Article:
The Rise of the Machine


Are we lacking in technology or machines? Do we have the same hardware as ILM or Weta does? Pankaj Kedia, regional sales manager (South East Asia & India), Autodesk Media and Entertainment Division, assures that we do. “All the latest technology and software used internationally is available in India and the studios here are also adopting them. The Indian market is growing quite fast, in fact it is the largest growing worldwide market for Autodesk solutions,” he says.

Two-thirds of the top grossing films in Hollywood since 1993 have used Autodesk's effects and editing technology; films like Day After Tomorrow, Lord of the Rings, King Kong, etc. Pankaj also believes that there is a growing realization of VFX possibilities in Indian makers, “Sanjay Gadhvi (director of Dhoom) is more convinced about the use of VFX after using it in Dhoom, so we will see a lot more effects in Dhoom 2. Similarly, Rakesh Roshan is also going all out for Krish after experimenting with VFX in Koi Mil Gaya,” he adds.

Yet, not every studio can afford Autodesk's latest tech machines, an Inferno system costs approximately Rs. 30 million, a Flame system close to Rs. 18 million, a Flint system approximately Rs. 8-9 million. According to Pankaj, the VFX biggies in India are: Prime Focus, VCL, Prasad EFX, Maya Entertainment, etc.


A Man Apart

Weta Digital was just another studio in Wellington, New Zealand, a decade or so ago. But that was before a maverick maker by the name of Peter Jackson decided to rewrite history. He embarked upon one of the most ambitious projects of all time; bring to life J.R.R. Tolkien's epic Lord of the Rings. Now, Weta is a VFX powerhouse, giving the best studios in Hollywood a run for their dollar. That's the difference a single man's will does. Do we need a desi Peter Jackson, who could dream big and then make it come true as well? “Of course, that would help,” says Abhishek from Maya, adding, “we indeed need makers for whom cost does not matter, only the vision does.”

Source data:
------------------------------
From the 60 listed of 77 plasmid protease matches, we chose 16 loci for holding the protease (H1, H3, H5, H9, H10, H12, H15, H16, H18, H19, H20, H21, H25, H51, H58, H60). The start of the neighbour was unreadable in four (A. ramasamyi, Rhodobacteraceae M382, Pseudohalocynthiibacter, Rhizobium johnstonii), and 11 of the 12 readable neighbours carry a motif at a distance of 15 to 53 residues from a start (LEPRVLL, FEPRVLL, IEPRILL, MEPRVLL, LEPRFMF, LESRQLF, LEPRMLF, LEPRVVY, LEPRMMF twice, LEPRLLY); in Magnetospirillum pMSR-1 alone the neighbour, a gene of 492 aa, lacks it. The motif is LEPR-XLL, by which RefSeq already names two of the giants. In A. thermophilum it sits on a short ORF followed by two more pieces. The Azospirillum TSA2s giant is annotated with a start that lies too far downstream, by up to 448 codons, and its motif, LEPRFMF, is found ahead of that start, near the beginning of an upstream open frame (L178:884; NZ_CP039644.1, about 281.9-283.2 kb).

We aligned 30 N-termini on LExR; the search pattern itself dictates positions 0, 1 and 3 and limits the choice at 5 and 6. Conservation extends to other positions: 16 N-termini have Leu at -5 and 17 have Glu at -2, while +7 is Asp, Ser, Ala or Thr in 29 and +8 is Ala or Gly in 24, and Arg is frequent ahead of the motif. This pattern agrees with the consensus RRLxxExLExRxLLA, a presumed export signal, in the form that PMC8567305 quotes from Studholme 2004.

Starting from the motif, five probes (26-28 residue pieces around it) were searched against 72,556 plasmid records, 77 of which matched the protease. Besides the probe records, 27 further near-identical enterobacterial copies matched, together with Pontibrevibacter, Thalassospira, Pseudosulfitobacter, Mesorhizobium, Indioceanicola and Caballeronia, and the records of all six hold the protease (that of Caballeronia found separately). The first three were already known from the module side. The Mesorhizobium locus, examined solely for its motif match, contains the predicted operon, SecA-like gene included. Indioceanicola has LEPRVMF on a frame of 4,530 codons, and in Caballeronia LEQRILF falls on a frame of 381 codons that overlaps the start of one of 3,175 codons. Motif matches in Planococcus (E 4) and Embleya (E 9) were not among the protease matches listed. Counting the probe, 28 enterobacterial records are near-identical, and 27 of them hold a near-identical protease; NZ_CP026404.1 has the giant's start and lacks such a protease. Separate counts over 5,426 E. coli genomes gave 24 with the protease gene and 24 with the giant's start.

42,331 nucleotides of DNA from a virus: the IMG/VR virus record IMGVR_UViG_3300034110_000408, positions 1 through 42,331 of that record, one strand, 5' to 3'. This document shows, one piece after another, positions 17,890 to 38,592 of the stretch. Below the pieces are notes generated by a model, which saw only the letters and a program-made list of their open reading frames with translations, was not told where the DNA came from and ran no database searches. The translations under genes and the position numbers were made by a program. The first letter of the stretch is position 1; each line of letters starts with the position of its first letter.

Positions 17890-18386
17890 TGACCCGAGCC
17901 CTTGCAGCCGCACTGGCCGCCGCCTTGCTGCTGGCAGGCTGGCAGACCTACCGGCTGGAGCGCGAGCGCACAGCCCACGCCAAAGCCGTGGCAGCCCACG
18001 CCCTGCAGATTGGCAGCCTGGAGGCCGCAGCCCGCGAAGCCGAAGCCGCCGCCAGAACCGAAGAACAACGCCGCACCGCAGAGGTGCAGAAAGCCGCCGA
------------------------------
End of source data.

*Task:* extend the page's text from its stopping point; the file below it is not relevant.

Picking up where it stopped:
The View from Beyond


Jesh Krishna Murthy has worked on films like Batman Returns, Lara Croft Tomb Raider, The Cell, etc. He is currently setting up shop in India, launching a company called Anibrain, targeting Hollywood and the Indian market. He is quite effusive on the subject, “VFX is not about machines or software; it has more to do with pushing the limits. I do not see many people in India doing that. And unless we really push ourselves hard, like developing software solutions, plug-ins, etc., we will never reach the level Hollywood has.”

Another person who is of a similar opinion is Jim Rygiel, three times Academy Award winner for Lord of the Rings (LOTR) trilogy. He was the VFX supervisor for the three LOTR films. He is an industry veteran, having worked in films like Ghost, Cliffhanger, 102 Dalmatians, etc. He is of the view that, Indian companies can replicate the success of Weta Digital, “however machines are nothing, so that makes all of the IT power in the world worthless unless you can get good artists to run those machines. The aesthetic needs to be addressed, much like the difference in aesthetics between an Indian film and a Hollywood blockbuster,” he says.

In conclusion, we have the machines, we have software, and we have the required talent. What we need now is the will: The will and self-belief to do anything.